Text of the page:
“I tried to find the source of evil and I got nowhere.” Augustine before becoming a Christian
A celebrated French atheist addressed the Dominican Monastery of Latour-Maubourg in 1948. He arrived among these Christian monks bearing witness to his great personal faith that, historically, for all of us, the project of human happiness remains largely the same whether you do or do not love Jesus.
He is here to urge, on grounds of common humanity, a reconciliation between believers and nonbelievers in the name of everybody’s desperate hopes for the post-war future. “If Christianity is pessimistic as to man, it is optimistic to human destiny. Well, I can say that, pessimistic as to human destiny, I am optimistic as to man.”
We recognize Albert Camus’ deep flat voice, his take-it-or-leave-it way with the most ultimate words. If it can be truly said of any man that he was born to be a hero, mention, too, this five-foot-ten Algerian whom the 1957 Nobel Prize For Literature cited as the conscience of his generation.
Now, four years after the Liberation, still-battered and newly-Existential France feels itself caught between a ruthless Soviet Russia out for world domination and the super-power Coca-Colonization of the United States. Typically, Camus refused to chose between such palpably false alternatives. So here he is among the monks.
To demonstrate good faith at the outset of a dialogue with these people of faith, Camus concedes his own defeat in a recent public debate with a famous Catholic novelist. Camus then evokes post-war humanity’s continuing suffering. This he blames on the moral collapse of both Right and Left. Neither bourgeois capitalism nor Soviet communism offers the Earth’s people a way forward of freedom and dignity — those human conditions alone under which happiness becomes possible.
“What the world expects of Christians is that Christians should speak out, loud and clear, and that they should voice their condemnation in such a way that never a doubt, never the slightest doubt, could arise in the heart of the simplest man.”
God, no god? Who cares? We, you and I, are, historically, either way beyond or long before any meaningful taking up of this argument. What about RIGHT NOW? Do you not hear the screaming? Today, this instant, children are being tortured as a matter of state policy.
Fatherless son of West-African poverty, philosopher of an unblinking atheism which experienced the world as absurd but not without hope; a political activist and lyrical exponent of the sun, the sea, the happy body: an athlete — soccer, swimming, boxing — ladies’ man, young leading man in his own radical theatrical troupe, and later a true hero of the French Resistance, editor of the underground newspaper Combat revealed, after the war, to be none other than the acclaimed author of The Stranger.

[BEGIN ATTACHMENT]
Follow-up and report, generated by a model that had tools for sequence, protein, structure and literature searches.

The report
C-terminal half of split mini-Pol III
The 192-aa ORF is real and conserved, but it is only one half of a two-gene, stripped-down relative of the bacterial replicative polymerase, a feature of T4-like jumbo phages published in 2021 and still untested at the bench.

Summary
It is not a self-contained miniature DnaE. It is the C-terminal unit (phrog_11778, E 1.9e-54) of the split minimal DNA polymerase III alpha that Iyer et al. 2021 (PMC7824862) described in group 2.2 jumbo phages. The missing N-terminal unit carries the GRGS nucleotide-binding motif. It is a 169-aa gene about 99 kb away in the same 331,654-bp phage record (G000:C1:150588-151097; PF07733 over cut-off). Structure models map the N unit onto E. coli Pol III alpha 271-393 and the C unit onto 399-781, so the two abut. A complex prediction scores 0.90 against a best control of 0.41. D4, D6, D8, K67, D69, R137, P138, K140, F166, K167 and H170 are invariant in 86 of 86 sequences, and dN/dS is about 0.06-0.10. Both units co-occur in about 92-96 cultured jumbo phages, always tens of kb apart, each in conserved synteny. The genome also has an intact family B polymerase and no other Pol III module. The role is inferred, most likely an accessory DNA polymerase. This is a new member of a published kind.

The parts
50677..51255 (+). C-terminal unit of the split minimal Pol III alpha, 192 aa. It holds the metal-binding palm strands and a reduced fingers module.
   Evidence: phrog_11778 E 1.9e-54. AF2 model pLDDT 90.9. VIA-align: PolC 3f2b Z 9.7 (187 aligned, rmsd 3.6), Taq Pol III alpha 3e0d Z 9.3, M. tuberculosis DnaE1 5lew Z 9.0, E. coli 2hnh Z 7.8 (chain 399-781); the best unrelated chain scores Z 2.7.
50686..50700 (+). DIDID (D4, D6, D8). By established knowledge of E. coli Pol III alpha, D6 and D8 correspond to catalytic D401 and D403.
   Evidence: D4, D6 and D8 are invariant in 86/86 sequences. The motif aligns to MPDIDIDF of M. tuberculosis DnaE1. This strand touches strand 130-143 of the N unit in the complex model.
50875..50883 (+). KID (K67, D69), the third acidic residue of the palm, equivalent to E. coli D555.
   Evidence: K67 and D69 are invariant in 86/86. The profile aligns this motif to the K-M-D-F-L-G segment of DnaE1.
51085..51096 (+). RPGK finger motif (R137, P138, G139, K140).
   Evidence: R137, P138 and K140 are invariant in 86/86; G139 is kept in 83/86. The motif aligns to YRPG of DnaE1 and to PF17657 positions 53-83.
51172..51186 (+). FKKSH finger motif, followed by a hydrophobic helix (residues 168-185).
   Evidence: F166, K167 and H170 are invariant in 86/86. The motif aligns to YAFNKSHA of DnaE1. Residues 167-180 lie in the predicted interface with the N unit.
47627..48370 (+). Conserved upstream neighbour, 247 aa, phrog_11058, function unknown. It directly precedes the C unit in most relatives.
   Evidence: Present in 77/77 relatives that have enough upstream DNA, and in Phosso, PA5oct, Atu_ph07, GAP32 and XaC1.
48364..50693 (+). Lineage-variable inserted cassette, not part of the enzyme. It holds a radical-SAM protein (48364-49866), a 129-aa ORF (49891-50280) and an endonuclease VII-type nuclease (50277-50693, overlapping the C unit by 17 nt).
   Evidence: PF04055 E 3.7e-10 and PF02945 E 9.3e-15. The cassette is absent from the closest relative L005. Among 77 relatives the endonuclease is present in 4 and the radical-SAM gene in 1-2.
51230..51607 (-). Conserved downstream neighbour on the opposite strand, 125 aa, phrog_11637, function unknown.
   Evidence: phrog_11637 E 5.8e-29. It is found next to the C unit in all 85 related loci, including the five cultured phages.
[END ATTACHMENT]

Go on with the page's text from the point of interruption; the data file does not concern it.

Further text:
“They (Christians) should get away from abstraction and confront the blood-stained face of history has taken on today. The grouping we need is a grouping of men resolved to speak out clearly and to pay up personally…”
In short, a new Maquis, the bravest of the best, and not confined to a French underground such as Camus fought among in World War II but an organization gone global, battling against History itself to win for humanity a Third Way, a way ahead scaled to you, the living individual of flesh and bone, not a stripped and humiliated integer naked to the State’s murderous usages.
“I am waiting, for a grouping of all those who refuse to be dogs and are resolved to pay the price that must be paid so that man can be something more than a dog.”
Camus’ terse eloquence availed nothing, of course. Two generations later, we are still waiting for word from the church. Now it seems sure it will never come again. Too much has been passed over in silence for far too long to be either excused or forgiven. Thinking now like Camus, we can say Christ’s divinity has nothing to do with it; we are judging our betrayal by other men like ourselves.
Judeo-Christian culture is killing Judeo-Christian civilization, and the church murmurs “yes” while religions of submission — Islam, the globalist Left — systematically set about trying to shut down Christianity itself. And once again, a godless caste of self-selected superior beings glides forward out of the shadows, smiling and certain, the swans of their disease, firmly in control of… us.
“I am fighting you because your logic is as criminal as your heart,” Camus once wrote to a former friend.
At the turn of the millennium, the Pope published a book of theological essays. The word “soul” did not appear anywhere in the index. Very well. There is no last word, but what would Albert Camus say? What would he say RIGHT NOW?